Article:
You may think me somewhat silly for opening a review like this, but I simply love Consortium’s options menu. You can select your video settings, but what’s more, click the setting itself and a little description of just what you are changing pops up. Don’t know what anti-aliasing is? That’s fine, the game explains it.
Consortium won me over in its little details. Branching dialogue doesn’t work on a “good vs. evil” morality meter like in Mass Effect or similar series; it works on flow of dialogue and subject of conversation. You don’t pick “I want to be the bad guy this conversation!” No, you say, “Hmm, I wonder what this Guardian Church business is. I think I’ll steer the conversation that way.”
Consortium is curiously refreshing. Many aspects of the game break from the norm, going new and different directions that serve as a solid reminder why true progress is being made with the medium in the realm of indie gaming.
You are not, very technically, playing as a character. You play as yourself, controlling a character in an alternate future where war no longer exists, religion is gone (or perhaps has merely changed drastically), poverty is no more and everyone is pretty happy.
Well, most people. Some want to blow your head off. This is all explained with a great deal of quantum mechanical science talk. I can’t say how accurate the idea is, but it was very impressive-sounding and sufficiently drew me into the narrative. As Bishop 6, a member of a flying fortress of sorts, you must help the crew of the Zenlil survive their longest day. Along the way there are twists and turns, and things get pretty hairy, but it’s all good fun and up to you, as Bishop 6’s guide, to figure out how you want to handle the situations that arise.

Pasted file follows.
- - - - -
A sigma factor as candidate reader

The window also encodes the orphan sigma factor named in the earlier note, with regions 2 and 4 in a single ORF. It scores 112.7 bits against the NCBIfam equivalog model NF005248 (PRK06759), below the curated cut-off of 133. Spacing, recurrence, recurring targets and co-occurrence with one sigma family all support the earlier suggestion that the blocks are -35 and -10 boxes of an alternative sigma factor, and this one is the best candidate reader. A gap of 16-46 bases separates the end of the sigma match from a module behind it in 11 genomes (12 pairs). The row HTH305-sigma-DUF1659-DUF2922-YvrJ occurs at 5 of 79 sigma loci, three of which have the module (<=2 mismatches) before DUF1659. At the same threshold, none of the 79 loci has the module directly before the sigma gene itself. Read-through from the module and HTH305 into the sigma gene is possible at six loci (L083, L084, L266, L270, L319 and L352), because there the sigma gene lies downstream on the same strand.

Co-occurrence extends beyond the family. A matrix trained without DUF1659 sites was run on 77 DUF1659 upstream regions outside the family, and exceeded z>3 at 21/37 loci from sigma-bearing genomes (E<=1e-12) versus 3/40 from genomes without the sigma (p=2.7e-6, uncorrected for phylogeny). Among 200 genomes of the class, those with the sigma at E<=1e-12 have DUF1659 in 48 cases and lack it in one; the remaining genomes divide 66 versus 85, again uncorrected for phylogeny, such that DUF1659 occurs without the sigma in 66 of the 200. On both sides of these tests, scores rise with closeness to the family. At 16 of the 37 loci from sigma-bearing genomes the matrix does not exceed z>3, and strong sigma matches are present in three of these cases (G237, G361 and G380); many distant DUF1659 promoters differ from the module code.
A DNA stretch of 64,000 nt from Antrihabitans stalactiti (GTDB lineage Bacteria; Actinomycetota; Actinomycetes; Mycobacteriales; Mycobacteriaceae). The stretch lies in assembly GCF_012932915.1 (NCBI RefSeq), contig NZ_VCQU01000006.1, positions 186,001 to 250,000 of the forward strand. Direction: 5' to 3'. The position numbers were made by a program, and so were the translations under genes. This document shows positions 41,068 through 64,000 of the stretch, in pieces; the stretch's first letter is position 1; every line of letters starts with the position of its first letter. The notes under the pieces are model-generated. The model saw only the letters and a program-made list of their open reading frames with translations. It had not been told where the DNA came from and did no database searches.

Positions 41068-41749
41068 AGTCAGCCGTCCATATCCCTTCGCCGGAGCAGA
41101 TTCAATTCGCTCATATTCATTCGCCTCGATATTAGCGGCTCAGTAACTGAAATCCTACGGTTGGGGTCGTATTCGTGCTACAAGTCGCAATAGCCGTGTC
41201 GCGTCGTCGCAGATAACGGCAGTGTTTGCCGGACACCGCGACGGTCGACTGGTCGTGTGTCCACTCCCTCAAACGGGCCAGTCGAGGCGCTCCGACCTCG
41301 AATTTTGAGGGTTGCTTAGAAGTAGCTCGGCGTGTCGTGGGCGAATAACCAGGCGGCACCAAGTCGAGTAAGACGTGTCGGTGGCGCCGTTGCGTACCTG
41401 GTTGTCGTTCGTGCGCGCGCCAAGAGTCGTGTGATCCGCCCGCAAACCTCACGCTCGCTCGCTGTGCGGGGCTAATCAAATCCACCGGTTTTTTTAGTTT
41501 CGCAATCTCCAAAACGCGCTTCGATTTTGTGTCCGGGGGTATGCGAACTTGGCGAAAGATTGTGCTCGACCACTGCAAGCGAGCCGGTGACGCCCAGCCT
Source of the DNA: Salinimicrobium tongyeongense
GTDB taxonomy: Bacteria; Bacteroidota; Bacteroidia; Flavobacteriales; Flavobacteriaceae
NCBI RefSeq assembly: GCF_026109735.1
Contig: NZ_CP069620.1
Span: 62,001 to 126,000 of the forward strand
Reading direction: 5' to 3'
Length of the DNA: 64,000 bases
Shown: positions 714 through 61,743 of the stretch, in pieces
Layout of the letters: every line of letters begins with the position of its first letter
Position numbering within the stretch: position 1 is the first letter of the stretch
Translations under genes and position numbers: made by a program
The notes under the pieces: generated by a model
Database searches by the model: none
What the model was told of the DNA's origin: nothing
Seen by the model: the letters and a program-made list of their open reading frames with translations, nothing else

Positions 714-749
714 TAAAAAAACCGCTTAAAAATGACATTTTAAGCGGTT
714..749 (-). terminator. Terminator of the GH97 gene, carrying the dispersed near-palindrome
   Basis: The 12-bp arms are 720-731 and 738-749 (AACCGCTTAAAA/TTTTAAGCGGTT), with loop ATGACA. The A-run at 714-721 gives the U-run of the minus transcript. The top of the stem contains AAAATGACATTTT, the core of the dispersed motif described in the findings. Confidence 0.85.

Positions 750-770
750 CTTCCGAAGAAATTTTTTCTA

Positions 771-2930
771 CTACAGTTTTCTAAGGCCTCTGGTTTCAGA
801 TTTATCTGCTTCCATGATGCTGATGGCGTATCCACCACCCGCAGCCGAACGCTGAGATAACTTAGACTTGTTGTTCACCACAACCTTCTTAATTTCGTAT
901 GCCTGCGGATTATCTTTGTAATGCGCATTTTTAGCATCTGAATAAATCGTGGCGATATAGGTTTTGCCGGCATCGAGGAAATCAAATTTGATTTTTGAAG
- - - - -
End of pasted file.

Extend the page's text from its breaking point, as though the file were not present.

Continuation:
The game comes to us via Kickstarter, raising over $20,000 above its asking budget. Interdimensional Games put on a good show in return. The game does, however, stumble at points, with dialogue (especially early on) ham-fisting in plot details. In fairness to the developers, the world they created is massive, despite never having the character step off the Zenlil. A little blunt delivery can be forgiven, but at points it can detract from the experience.
Sadly, my time with Consortium was cut short due to damage sustained by my computer while traversing a deceptively icy patch of sidewalk, but what time I did have was enjoyed. Ultimately, the game feels like a predicator for future games in the universe Interdimensional Games has created for us, but I’m not entirely sure I have a problem with that. It’s a universe I’d greatly enjoy exploring further.
Consortium is a breath of fresh air. It may not be a whirlwind of change that carries gaming to a higher echelon, but it’s fun, it has a cool story to tell and a fascinating world to explore, even from within the confines of a giant futuristic plane.
Consortium is available on PC through Steam for $19.99.